According to Kim Feingold, PhD, director of Cardiac Behavioral Medicine at Northwestern’s Bluhm Institute, two out of five cardiac patients are clinically depressed. This makes them less likely to comply with recommended care and puts them at significant risk for complications, even death. Most cardiac programs only focus on the physical aspects of recovery following heart surgery. But an emotional comeback is just as important.
SMART Heart incorporates games, movies, books and other entertainment activities into patients’ hospital stays following heart surgery. The goal is to spark relaxation, laughter and enjoyment for these patients as a way to help fend-off the onset of psychological illnesses like depression, anxiety and stress, which are quite common among heart surgery patients compared to patients who have had other types of surgeries.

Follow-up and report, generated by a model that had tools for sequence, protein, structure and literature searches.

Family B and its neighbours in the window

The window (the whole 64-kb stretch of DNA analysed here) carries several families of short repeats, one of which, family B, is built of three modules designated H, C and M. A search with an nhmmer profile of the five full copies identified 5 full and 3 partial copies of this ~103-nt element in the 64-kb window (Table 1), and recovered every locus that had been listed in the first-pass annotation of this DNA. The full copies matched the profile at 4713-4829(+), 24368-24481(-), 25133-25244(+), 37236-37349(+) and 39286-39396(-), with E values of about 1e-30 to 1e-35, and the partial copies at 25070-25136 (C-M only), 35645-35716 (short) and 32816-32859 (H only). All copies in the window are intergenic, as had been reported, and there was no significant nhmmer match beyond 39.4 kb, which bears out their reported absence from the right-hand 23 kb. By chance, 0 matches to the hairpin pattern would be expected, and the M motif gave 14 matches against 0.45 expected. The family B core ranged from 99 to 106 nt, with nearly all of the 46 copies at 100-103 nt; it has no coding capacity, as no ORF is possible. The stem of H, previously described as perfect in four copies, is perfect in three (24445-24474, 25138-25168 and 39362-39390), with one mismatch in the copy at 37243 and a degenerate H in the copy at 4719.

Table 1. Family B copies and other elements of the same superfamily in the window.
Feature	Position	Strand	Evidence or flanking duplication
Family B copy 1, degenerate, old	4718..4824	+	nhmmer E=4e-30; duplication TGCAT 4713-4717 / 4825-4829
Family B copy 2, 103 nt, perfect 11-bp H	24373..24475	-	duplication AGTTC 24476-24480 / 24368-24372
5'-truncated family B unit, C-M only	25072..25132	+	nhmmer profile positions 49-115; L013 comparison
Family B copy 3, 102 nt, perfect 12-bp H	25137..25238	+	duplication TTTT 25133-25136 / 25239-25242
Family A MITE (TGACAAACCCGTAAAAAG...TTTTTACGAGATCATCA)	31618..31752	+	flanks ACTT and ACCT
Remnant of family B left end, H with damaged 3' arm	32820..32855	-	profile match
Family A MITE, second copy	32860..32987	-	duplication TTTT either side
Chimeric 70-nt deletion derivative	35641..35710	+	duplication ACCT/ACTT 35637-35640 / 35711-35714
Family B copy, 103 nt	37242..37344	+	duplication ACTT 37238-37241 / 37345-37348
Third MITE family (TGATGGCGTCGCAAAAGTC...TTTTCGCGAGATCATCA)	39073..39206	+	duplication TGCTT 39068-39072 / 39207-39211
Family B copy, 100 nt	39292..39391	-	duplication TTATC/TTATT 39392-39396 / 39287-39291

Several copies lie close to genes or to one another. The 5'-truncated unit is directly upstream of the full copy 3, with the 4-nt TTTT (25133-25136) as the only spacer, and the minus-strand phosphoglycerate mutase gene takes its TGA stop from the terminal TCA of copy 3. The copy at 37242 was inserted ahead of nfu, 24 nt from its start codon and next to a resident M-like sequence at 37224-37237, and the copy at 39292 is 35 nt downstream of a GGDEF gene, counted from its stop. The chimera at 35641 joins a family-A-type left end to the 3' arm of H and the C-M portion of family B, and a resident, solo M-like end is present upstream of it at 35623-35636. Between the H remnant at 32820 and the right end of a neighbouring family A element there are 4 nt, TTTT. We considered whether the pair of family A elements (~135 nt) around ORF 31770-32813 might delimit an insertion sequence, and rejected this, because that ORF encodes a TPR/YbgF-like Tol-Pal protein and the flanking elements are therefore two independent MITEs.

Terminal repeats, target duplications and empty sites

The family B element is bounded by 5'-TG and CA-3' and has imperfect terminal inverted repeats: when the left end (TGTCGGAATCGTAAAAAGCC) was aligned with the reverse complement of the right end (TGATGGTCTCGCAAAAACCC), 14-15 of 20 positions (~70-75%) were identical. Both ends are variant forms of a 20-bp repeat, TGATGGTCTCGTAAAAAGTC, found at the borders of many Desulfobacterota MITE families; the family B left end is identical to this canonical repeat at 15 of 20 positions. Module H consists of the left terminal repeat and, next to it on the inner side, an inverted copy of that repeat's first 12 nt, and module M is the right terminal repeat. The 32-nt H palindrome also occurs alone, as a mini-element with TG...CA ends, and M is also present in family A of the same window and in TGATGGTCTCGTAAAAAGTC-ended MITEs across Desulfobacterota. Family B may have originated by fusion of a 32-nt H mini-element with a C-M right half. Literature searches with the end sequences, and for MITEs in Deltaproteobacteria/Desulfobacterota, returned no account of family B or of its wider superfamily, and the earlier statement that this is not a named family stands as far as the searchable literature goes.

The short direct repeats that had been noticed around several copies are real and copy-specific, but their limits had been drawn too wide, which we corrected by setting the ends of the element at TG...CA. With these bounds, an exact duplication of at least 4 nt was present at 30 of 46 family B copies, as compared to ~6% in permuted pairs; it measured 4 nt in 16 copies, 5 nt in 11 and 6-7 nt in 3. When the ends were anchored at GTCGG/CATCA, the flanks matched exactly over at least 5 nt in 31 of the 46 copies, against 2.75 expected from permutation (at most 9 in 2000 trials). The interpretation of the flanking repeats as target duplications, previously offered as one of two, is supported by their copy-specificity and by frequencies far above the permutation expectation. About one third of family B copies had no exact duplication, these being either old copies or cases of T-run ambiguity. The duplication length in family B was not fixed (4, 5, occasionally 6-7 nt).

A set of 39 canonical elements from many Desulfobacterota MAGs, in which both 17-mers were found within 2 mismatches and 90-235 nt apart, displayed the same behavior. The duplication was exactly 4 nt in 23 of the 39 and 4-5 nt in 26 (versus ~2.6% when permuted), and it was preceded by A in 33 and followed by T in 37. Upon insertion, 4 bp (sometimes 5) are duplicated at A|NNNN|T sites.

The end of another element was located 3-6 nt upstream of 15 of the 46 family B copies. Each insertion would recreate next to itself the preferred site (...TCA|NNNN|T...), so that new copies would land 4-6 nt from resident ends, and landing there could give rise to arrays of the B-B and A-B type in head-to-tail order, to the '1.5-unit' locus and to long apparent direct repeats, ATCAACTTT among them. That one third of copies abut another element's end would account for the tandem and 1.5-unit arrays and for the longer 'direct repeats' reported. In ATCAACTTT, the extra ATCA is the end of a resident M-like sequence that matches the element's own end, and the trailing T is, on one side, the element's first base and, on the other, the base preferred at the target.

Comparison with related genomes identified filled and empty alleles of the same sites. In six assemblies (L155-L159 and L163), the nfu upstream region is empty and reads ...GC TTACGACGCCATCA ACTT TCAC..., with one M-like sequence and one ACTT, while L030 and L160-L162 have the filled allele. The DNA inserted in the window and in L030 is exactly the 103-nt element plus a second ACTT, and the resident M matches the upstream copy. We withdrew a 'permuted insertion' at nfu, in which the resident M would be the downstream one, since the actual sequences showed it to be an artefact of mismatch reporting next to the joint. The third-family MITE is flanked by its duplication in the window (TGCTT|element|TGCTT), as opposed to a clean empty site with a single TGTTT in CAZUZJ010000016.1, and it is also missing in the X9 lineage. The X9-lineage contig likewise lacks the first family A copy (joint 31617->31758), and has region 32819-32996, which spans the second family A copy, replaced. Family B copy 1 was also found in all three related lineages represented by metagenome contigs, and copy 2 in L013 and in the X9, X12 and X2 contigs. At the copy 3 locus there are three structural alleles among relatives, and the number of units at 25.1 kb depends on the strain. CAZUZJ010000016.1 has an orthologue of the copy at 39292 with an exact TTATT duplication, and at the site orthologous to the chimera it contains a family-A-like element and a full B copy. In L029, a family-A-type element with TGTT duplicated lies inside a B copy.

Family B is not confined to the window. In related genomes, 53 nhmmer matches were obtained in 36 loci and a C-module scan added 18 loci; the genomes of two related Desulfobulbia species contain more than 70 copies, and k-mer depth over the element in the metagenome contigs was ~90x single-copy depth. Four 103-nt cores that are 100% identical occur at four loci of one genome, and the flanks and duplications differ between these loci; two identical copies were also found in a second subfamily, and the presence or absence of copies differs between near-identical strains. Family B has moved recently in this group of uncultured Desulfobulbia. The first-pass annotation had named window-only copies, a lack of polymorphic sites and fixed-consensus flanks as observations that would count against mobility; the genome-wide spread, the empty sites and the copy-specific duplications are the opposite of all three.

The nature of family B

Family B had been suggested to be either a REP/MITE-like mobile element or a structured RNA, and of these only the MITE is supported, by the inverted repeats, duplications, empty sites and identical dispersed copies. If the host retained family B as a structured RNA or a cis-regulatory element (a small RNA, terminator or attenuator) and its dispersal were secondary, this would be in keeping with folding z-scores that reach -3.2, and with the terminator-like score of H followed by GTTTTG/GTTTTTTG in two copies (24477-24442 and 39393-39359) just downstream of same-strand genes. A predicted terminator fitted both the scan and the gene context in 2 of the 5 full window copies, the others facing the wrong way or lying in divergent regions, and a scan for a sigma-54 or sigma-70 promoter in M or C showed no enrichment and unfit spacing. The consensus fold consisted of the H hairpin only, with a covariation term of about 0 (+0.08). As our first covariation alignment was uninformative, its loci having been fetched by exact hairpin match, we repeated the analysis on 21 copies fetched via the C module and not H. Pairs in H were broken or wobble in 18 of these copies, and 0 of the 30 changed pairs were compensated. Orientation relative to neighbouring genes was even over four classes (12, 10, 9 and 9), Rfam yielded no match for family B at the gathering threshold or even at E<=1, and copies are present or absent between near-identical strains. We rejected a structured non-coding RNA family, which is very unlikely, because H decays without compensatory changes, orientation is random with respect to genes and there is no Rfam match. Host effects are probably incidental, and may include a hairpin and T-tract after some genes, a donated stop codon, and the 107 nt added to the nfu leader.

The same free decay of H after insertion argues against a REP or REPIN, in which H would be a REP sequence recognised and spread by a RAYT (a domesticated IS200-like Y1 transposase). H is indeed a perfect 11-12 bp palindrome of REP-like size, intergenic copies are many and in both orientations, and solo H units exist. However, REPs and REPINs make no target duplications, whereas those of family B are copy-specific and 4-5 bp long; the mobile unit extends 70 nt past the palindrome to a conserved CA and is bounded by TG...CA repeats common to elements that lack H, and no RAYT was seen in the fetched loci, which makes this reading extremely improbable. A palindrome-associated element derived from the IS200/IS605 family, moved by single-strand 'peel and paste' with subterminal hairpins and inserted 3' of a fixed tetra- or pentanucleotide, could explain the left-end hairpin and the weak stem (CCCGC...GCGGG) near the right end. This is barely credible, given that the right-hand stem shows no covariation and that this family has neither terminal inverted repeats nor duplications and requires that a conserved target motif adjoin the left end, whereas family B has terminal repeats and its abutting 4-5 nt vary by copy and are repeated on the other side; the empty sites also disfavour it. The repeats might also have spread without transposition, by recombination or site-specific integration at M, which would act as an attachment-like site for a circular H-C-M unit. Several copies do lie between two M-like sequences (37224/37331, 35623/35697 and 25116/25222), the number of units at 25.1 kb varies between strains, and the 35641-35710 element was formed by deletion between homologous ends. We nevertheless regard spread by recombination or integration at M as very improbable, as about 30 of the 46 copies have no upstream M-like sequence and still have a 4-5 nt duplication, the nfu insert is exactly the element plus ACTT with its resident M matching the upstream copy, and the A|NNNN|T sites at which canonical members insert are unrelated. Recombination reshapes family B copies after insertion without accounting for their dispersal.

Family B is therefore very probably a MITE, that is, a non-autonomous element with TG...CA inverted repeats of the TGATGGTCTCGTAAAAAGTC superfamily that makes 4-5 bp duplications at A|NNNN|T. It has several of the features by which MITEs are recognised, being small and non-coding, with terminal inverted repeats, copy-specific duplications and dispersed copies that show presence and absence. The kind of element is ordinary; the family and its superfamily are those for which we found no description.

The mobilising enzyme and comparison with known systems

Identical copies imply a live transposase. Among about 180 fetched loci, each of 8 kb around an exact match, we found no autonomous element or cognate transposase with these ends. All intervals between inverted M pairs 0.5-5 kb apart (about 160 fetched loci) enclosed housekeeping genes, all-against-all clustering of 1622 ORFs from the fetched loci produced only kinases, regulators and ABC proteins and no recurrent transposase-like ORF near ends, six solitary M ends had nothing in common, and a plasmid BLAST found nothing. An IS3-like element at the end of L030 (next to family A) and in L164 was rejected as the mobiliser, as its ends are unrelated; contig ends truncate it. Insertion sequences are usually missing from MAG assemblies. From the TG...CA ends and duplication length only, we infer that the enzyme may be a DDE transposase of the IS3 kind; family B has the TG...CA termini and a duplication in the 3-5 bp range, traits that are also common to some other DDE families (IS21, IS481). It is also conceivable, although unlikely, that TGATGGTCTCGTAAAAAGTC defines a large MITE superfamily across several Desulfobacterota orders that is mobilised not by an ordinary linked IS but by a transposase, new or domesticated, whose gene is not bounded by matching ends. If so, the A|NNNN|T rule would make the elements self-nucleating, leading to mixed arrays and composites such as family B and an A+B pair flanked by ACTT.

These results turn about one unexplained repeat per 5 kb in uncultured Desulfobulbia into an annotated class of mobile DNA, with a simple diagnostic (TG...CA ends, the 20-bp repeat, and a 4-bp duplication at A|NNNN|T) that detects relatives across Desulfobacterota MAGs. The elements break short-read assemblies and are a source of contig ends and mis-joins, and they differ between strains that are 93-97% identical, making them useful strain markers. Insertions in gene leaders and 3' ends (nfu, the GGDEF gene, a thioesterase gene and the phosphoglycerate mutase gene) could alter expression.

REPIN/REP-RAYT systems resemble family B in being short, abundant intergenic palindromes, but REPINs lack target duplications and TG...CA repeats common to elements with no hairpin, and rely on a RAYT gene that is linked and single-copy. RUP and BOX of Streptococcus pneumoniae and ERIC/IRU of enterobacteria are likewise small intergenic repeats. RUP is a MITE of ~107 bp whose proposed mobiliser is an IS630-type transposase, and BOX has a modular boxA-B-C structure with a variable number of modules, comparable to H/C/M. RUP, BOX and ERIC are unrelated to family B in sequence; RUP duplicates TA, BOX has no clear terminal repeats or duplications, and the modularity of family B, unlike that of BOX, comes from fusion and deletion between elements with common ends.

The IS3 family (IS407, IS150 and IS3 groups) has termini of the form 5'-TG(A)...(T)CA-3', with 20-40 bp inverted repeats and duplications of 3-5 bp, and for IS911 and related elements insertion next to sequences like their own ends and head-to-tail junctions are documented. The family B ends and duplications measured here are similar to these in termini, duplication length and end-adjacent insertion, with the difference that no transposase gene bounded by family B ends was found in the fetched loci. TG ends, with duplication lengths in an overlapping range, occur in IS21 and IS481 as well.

Every Monday night, Brown spends hours on a cardiac inpatient floor at Northwestern Memorial. First, he prepares his “SMART Heart cart” filled with books, DVDS, games and music. Then, he makes rounds to patient rooms, sometimes visiting 30 or more as he distributes the entertaining goodies. Brown often sits a while with patients, watching movies. And, you can always find him sharing a personal story of heart disease—something he says he is fortunate to do from the perspective of having “won his battle”.
“If talking to patients and sharing my journey eases their minds about having a transplant or bouncing back after heart surgery, then I have done my job,” said Brown.
Read Allus Brown’s full story and learn more about the SMART Heart program.